Tonight, when David Allan Coe takes the stage at Manor, he may play a couple songs from Underground Album, his infamous 1982 LP that was sold exclusively through the pages of a biker magazine. Featuring proudly, colorfully titled tunes like "N***er F**ker" and "F**kin' in the Butt," the album has long been a sticking point for Coe's many critics, who accuse him of racism, misogyny and worse. Check the NSFW "If That Ain't Country," one of Coe's most popular songs, above, wherein he recalls "workin' like a n***er for my room and board." (Also, check the YouTube comments if you're feeling too optimistic about the state of humanity and need to be brought down to Earth a bit.)
Indeed, though throughout his career Coe has been responsible for radio-friendly hits like "You Never Even Called Me By My Name" and "Mona Lisa Lost Her Smile," his reputation has long been that of a rabble-rouser, outlaw country's baddest bad boy, a singer who never shied away from a dirty word, no matter whom the target.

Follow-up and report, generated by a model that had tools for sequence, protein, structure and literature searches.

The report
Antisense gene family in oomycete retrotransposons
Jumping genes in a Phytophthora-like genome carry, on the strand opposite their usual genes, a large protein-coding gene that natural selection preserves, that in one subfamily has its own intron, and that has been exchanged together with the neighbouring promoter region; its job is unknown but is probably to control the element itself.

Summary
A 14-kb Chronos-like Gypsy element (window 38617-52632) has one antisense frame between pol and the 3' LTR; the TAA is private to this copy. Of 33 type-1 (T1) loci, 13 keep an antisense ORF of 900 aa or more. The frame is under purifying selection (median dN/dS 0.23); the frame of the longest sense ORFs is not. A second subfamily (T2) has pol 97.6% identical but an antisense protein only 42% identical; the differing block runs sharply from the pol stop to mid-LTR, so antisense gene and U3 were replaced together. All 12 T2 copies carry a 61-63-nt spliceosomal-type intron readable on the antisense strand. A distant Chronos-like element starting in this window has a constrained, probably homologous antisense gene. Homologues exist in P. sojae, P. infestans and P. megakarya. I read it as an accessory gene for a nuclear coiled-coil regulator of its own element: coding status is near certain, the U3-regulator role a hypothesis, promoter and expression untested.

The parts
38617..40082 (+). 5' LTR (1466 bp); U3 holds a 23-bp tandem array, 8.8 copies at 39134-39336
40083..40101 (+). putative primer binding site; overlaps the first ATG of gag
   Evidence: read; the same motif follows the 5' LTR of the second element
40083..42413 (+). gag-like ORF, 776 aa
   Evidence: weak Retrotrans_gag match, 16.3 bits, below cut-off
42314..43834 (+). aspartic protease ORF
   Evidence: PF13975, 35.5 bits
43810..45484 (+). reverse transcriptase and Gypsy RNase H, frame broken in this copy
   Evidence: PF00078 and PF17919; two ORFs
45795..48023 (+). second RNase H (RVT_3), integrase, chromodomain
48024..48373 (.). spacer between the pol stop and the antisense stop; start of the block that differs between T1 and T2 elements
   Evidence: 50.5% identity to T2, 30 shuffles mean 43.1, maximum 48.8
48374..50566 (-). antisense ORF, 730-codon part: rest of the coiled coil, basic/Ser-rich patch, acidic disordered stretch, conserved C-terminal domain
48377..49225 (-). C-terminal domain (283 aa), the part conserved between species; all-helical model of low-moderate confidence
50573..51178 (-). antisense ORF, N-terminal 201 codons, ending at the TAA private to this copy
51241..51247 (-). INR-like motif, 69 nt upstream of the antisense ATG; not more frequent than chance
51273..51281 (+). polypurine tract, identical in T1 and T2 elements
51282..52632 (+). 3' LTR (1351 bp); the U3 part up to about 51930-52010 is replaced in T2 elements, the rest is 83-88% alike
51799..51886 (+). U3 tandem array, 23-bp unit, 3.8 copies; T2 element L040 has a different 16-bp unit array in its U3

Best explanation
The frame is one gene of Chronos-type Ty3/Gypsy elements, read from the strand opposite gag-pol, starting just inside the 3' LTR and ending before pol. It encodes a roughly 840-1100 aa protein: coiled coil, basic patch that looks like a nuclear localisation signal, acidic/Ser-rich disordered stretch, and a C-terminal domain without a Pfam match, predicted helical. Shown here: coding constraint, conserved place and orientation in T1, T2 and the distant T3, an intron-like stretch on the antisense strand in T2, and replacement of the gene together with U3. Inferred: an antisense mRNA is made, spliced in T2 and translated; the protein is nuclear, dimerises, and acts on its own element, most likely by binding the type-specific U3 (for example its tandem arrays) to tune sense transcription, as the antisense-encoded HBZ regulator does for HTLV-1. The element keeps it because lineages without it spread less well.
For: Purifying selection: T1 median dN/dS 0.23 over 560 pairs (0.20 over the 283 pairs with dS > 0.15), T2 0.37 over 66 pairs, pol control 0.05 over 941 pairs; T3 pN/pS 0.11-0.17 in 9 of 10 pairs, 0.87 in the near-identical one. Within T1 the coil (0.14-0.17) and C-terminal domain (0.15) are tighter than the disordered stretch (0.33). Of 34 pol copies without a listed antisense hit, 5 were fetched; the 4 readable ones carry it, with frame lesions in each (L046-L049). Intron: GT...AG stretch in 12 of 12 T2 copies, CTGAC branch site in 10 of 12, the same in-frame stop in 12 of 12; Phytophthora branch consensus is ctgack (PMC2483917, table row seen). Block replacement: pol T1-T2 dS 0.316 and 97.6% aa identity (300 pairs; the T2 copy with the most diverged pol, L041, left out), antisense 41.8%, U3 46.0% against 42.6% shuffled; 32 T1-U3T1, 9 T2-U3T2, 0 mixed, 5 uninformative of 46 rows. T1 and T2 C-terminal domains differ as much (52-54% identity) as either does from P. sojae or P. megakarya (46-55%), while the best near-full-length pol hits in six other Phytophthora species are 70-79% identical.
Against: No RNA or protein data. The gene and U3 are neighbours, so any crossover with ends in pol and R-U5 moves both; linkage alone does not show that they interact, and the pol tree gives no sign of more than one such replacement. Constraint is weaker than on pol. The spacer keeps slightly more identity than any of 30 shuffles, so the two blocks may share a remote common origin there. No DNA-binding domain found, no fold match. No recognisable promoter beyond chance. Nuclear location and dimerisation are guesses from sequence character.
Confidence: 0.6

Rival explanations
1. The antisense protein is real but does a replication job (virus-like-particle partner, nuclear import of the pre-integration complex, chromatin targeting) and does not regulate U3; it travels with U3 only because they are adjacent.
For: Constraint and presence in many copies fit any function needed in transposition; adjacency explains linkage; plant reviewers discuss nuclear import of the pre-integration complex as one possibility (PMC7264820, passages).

As Coe hits Athens, it must be asked: what is his place in music in 2013? He tours often, playing mostly college towns, attracting a frat-centric audience unconcerned with political correctness—or, more probably, directly opposed to it—a crowd that just wants to party, folks who more than likely aren't willing to concede that a white dude with a guitar tossing around ethnic slurs is necessarily a bad thing. (Freedom of expression, and all that.)
But there is something grossly outdated about Coe's brand of country. Many of his contemporaries—Willie Nelson chief among them—have shown a willingness to adapt to the times even while maintaining the rebellious spirit that characterized their early work. But, though he has disavowed accusations of bigotry (he had a black drummer in the '70s, you see, so saying the n-word was no big deal), Coe continues to perform the most offensive songs in his catalog with a tone-deaf disregard to the realities of our modern world.
Whether this attitude is a truthful, admirable demonstration of self or a sad and ignominious display of an old man refusing to adapt to the times is up for debate. I suspect Coe and his fans will argue the former, will say that a bad boy is a bad boy, and we shouldn't try to tame him. I admire an outlaw, to a degree, but in this case, in this century, I'm not so sure.
David Allan Coe plays Manor tonight, Thursday, Feb. 7, at 8 p.m. Tickets are $14.